Received Friday, September 22, 2006
In 2004, I was caught completely off guard when I came face to face with the fact that my nanny had been abusive and negligent to my two children. Both children were under 4. I was at work on a Thursday afternoon when I got a call from the police in the town next over from that where we resided. The nanny had taken my children to the mall without permission and she had left both children in a minivan strapped into their car seats with treats and drinks while she went shopping. The children were in a large city inside a large, scary and dark indoor parking facility inside the vehicle (fortunately the weather was not a factor). My four year old son grew bored and got out of his carseat and opened the door to the minivan (setting off the car alarm, thank Goodness). I don't even want to imagine what could have happened. But had the alarm not went off and a mall security guard not observed my son attempting to unbuckle his two year old sister from her carseat, I would have never known what went on. The security guard called the police and contacted me. The nanny's excuse was of course that she "had" to run in to exchange something but it took longer than she had expected. Sadly, after speaking with the children we learned this wasn't the first such incident nor were the incidents limited to negligence. After we fired the nanny, we shared some of the details with friends and family. In almost every instance, someone said something to the effect of "I always thought..." or "she seemed..." or "I knew something was off". The time to tell someone you noticed something strange or suspicious isn't after the fact-but before. I am the mother, I leave the house every morning at 700 to work in NYC and don't return home until 730. When I was around or my husband was around, the nanny was fantastically attentive to the children. People are too hesitant to interfere these days. MYOB seems to be the order of the day, but I urge you to take action. If you interact with someone on a regular basis and you see things, please let the parent know. Provide the parents the information they need to evaluate the situation. If you are hesitant in anyway, send an anonymous note or email to the parent, but please do something.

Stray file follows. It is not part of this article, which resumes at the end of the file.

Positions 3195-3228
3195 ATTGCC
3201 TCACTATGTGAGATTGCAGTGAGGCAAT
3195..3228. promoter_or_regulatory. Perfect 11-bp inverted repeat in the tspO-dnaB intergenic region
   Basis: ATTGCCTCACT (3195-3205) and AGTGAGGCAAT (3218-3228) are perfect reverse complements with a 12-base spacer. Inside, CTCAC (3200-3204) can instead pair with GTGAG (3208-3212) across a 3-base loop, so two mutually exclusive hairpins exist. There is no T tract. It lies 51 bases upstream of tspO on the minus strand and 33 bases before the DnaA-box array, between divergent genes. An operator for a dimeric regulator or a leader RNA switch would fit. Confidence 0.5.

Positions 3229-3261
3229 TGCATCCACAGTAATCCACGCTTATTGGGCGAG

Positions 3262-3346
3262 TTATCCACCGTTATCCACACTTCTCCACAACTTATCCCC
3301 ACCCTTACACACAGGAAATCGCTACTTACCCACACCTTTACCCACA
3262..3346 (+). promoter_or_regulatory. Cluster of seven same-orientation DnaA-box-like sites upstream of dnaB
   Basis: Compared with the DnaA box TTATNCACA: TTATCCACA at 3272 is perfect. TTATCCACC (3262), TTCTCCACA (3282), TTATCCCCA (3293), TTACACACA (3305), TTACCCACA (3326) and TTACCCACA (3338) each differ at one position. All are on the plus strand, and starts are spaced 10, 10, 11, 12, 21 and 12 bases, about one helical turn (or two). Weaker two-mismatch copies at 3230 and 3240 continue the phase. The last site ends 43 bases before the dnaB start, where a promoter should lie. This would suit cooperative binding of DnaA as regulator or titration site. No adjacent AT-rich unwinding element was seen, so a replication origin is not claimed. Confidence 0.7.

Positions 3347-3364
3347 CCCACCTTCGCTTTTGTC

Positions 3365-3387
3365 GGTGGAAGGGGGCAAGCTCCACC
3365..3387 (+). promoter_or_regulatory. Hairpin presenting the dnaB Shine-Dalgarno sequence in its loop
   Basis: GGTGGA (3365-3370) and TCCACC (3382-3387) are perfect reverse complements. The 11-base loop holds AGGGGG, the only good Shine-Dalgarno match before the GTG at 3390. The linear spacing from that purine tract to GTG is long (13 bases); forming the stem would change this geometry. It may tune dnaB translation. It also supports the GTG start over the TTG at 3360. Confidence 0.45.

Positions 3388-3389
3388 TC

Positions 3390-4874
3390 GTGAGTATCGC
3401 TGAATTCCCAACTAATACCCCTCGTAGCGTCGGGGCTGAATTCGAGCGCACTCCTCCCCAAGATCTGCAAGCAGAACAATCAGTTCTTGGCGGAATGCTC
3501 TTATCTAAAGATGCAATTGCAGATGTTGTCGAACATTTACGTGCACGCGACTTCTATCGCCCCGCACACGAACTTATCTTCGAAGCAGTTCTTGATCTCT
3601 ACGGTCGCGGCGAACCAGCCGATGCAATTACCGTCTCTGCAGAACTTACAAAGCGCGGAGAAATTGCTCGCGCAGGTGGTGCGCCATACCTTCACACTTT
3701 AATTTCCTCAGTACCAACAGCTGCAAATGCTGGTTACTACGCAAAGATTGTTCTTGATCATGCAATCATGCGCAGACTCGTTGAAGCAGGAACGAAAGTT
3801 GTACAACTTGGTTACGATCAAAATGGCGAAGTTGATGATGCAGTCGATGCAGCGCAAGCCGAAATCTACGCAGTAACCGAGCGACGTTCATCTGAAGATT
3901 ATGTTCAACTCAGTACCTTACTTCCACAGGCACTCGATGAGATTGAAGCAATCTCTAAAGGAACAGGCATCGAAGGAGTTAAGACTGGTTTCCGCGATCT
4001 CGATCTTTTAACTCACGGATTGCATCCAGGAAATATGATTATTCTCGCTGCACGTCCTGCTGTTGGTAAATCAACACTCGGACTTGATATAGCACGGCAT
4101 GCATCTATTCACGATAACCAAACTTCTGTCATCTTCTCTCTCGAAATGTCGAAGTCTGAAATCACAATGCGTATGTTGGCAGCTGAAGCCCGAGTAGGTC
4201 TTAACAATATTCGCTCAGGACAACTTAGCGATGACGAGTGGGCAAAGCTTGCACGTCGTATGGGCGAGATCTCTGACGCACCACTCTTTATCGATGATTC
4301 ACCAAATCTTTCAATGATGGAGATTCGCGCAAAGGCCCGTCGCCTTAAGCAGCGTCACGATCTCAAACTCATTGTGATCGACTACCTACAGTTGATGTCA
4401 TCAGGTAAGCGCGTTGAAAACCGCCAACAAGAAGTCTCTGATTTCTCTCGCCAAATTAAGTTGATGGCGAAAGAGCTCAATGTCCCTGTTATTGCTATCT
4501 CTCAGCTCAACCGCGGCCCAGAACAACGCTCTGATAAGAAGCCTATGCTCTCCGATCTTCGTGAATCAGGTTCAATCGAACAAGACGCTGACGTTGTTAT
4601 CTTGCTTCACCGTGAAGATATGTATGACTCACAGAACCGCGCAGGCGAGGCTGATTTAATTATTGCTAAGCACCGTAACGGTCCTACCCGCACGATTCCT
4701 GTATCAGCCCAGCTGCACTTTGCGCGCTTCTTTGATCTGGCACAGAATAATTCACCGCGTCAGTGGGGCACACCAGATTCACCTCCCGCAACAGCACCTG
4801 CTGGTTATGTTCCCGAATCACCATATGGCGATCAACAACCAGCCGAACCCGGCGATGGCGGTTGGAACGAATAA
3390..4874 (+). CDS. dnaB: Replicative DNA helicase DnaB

Thank you for listening,
name withheld by request